20 February 2006


Up here in the bitter cold of Canada's capital, a soup warm-up can be almost a requirement – whether it's a hearty snack, lunch, or an appetizer. It's also a great thing to make on a weekend to stock the freezer for a few weeks worth of lunches.

I love a good homemade soup of meat and veg, but sometimes you want something a little more...sexy. Enter the velvet smooth soup below.

This one is easy if you've got the time to carry it through with the roast squash. If not, make it easy on yourself by using (shhh) canned pumpkin. Make sure it's pure pumpkin, not some pre-spiced lazy pie-maker's variety.

If you are using squash, feel free to use your favorite kind (avoid spaghetti squash for this particular recipe, though, for somewhat obvious reasons) or mix kinds -- I went and bought four kinds of squash in the fall and made the soup with all of them mixed together. Squash is available even in February, so it's not hard to locate a few interesting varieties.

2 large squash (or 3-4 small/medium)
3 cups stock (you could make your own, but any low-sodium chicken or vegetable stock works)
1 small onion (or 3 shallots)
1 stalk celery
1 cup white wine (optional -- use more stock if you omit the wine)
1 cup milk
cayenne pepper (to taste)
cinnamon or nutmeg (to taste)
olive oil
1/4 cup light cream (optional)
fresh herbs to garnish

Gut seeds from the squash and lay flat (skin side up) on a cookie sheet. Bake them at 350 degrees for about half an hour. Check on them, and if they're not soft, cook for another 15-20 minutes. Remove from oven, cool.

While that's happening, dice your onion and celery, and sautee in a bit of olive oil in a large, thick-based saucepan. You want them to soften and "sweat", which releases flavour. Add the stock/wine.

Scoop the flesh from the cooked squash into a food processor or blender. Puree in batches, transferring to saucepan as you do so. Add cayenne, cinnamon, salt and pepper. Stir well, cover. Don't add too much salt at this point, as you can always add more later, but you can't take it out!

Let this simmer for a good half hour (if you're in a hurry, fine, just let it get hot).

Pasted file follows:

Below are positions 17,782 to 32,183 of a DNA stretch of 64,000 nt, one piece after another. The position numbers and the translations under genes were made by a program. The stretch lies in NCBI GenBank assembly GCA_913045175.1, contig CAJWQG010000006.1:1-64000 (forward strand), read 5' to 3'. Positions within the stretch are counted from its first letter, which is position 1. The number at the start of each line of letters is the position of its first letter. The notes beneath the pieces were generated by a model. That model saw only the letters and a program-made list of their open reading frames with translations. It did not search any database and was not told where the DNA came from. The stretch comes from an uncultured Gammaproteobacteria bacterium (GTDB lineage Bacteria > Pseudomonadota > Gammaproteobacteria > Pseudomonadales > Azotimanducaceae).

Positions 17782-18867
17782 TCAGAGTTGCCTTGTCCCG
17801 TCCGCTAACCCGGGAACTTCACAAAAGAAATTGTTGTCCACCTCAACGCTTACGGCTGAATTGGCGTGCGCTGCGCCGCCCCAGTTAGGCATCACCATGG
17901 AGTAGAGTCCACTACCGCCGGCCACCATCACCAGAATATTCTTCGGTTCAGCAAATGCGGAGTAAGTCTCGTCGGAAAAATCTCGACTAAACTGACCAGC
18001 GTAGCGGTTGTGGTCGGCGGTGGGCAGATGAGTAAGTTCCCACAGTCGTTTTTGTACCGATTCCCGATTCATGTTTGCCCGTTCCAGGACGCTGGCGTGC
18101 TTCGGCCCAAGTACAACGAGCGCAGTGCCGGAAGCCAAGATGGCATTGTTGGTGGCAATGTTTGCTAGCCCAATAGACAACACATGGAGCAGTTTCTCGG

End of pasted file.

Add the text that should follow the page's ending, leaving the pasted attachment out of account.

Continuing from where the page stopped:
Dump your saucepan of almost soup into a large vessel (ie an 8-cup measuring cup, or a very large bowl). Working in small batches, puree your soup a second time, transferring the pureed portions back to the saucepan. You want it to be velvety smooth. If it's too thick (it will only get thicker, so err on the side of runny) add more stock, wine, or milk.

Once you've got it all back in the pan, and you've got squash everywhere including up your nose (it happens), stir in the milk, and check that it's spiced to your liking. Simmer, stirring occasionally, over very low heat, until ready to serve. The longer it simmers, the more flavour you get. I've left the soup on the lowest powered burner on my stove for as long as four hours before serving it, and it has been delicious. Just keep checking it!

To serve, ladle into bowls, then drizzle with the light cream, and garnish with fresh herbs. Makes about 8 million servings.

You can use pumpkin, carrots, squash, in any combination. You could even do sweet potatoes, adjusting the stock amount to ensure you get soup, not paste.

If you don't want to use cayenne, try some other herbs. Cayenne and cinnamon are from the same family, so they actually complement each other. But go forth and experiment!

This soup freezes well - and the recipe makes a lot of it, so be prepared with those plastic containers!

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